Marta Espinal lives in an apartment complex 100 yards away with her teen-age son, who listens to the music. She works in a jewelry store and appreciates the business she has received from No Limit rappers, who have bought thousands of dollars of merchandise in cash. But she has concerns.
"Master P may be a good man, but this business will eventually bring people who are not as good here," she says. "I'm frightened for myself and the city's image. It's the worst thing that could happen to Baton Rouge."
Winning over the locals
No Limit executives believe that, in time, they will win over locals who doubt their intentions. In his album "99 Ways to Die," Master P sings, "I'm not just your everyday rapper. I'm an entrepreneur." And since moving here, they point out, P has made Baton Rouge his staging area for new businesses.
No Limit bought and expanded a local travel agency. P has set up a shoe store franchise, a gas station, a phone-sex service. No Limit's clothing line came out in time for Christmas. Last summer, two young pro basketball stars, Derek Anderson and Ron Mercer, agreed to let No Limit Sports Management be their agent.
At the same time, P has stepped up his charitable contributions. The Master P Foundation now provides college scholarships to Baton Rouge youth, gives away Thanksgiving turkeys and donates books to school libraries. Some of the foundation's largest gifts go to violence-prevention programs.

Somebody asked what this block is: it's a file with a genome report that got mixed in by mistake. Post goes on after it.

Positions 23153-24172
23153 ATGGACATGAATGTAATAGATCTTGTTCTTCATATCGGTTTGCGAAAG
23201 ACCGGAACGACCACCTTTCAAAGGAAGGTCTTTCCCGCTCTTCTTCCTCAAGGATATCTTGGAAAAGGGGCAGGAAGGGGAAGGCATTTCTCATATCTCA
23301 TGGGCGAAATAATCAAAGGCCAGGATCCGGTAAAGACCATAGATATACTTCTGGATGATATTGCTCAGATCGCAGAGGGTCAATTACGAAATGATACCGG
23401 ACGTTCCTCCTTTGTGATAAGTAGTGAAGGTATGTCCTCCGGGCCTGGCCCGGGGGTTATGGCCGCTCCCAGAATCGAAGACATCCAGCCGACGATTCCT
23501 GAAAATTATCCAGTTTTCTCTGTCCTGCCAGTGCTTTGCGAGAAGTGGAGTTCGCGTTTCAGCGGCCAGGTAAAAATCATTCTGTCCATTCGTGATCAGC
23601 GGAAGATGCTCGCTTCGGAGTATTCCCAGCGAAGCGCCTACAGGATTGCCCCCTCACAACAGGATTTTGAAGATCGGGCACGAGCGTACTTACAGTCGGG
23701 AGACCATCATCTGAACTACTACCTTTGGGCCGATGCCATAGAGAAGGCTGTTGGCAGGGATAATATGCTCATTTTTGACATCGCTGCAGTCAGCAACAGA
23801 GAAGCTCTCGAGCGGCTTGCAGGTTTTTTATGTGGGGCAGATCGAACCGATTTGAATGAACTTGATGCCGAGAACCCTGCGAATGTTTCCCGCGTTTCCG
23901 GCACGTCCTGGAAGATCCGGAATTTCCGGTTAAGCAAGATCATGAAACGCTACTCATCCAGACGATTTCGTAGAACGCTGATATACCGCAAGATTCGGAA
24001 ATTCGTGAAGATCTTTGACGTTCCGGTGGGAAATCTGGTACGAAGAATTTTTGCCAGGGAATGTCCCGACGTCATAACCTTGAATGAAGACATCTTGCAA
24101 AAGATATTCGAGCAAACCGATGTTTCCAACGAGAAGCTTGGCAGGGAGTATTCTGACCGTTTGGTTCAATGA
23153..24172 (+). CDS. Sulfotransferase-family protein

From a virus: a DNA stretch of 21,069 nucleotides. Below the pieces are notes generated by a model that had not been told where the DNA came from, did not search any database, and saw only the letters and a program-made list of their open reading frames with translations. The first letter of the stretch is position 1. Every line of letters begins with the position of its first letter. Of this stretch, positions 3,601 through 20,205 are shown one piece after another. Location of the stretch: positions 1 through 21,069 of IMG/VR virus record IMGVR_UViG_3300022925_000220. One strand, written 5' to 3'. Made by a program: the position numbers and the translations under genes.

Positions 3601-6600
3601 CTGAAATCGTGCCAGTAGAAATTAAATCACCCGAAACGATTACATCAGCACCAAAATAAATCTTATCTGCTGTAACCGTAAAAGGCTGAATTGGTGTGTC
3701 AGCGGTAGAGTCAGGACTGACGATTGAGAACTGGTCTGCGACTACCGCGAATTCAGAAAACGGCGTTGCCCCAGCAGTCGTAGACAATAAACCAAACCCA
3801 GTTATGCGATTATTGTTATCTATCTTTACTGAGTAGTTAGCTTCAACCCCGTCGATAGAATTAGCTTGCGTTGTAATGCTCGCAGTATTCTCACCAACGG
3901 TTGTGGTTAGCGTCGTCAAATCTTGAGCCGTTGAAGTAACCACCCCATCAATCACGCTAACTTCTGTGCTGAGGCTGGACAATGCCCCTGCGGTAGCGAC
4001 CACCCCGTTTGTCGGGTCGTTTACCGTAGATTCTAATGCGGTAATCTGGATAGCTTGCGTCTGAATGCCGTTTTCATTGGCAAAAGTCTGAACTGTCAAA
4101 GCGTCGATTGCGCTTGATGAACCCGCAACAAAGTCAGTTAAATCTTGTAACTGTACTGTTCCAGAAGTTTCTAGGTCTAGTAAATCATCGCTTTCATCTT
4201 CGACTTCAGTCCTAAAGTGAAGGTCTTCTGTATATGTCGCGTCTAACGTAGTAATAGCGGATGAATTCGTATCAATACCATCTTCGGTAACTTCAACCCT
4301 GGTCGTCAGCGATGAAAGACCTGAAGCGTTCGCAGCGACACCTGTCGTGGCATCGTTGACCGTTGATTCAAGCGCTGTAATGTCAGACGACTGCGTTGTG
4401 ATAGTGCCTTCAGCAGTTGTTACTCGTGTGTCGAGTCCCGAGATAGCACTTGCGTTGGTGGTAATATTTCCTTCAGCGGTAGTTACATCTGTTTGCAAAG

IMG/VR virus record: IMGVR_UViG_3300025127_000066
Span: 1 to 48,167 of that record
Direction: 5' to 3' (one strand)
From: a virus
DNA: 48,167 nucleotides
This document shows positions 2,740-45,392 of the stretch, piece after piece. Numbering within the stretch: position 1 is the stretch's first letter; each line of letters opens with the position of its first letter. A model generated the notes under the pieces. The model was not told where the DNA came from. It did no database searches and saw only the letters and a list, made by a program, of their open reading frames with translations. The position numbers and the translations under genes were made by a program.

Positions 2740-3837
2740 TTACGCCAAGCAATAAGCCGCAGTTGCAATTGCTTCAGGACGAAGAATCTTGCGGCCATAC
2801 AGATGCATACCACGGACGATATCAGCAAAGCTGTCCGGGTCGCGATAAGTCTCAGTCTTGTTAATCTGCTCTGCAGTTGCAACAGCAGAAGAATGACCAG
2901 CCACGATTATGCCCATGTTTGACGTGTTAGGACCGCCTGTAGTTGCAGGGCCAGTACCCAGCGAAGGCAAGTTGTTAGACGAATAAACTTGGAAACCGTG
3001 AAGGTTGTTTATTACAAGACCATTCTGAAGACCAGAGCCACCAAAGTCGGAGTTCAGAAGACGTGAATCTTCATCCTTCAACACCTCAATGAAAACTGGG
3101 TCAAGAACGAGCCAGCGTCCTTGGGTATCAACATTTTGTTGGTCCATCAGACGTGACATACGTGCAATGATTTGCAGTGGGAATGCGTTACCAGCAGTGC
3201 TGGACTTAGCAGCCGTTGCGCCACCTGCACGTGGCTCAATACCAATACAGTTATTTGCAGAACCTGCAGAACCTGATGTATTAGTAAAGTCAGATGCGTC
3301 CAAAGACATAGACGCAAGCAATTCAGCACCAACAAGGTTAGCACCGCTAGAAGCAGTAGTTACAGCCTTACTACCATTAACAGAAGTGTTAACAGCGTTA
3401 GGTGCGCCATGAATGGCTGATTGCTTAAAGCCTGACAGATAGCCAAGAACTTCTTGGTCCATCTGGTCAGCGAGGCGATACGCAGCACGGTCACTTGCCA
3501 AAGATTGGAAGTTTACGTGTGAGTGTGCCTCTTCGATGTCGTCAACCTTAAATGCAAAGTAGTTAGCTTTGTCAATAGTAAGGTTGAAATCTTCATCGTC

Inside No Limit's Corporate Drive office, next to framed album covers and new song sheets with lyrics that could not be published in this newspaper, is a chart tracking No Limit's donations to the Boy Scouts.
A hip-hop capital
"Right now, Baton Rouge thinks he's a bad guy," says Hawkins, 31, a former police officer who, as No Limit's general counsel, spends considerable time getting rappers out of legal trouble.
"But at the beginning, wasn't Elvis received the same negative way?" he says. "He wiggled his hips on TV, and people thought it was lewd. Ministers preached against him in the South. Well, people say the same things about Master P."
As Hawkins talks, into the office walk two of the Sons of Funk, the Oakland, Calif.-based rap group cutting an album here. Deep Pacino and G say they have found in No Limit the stable family they never had. P is even helping Sons of Funk start a label, perhaps to be based here.
"This town is still growing," says G, who is 25. "I feel a lot more relaxed and focused here, and you learn so much from being around all these artists.
"Ten years from now, when people think of hip-hop, they're going to think Baton Rouge."
Pub Date: 1/10/99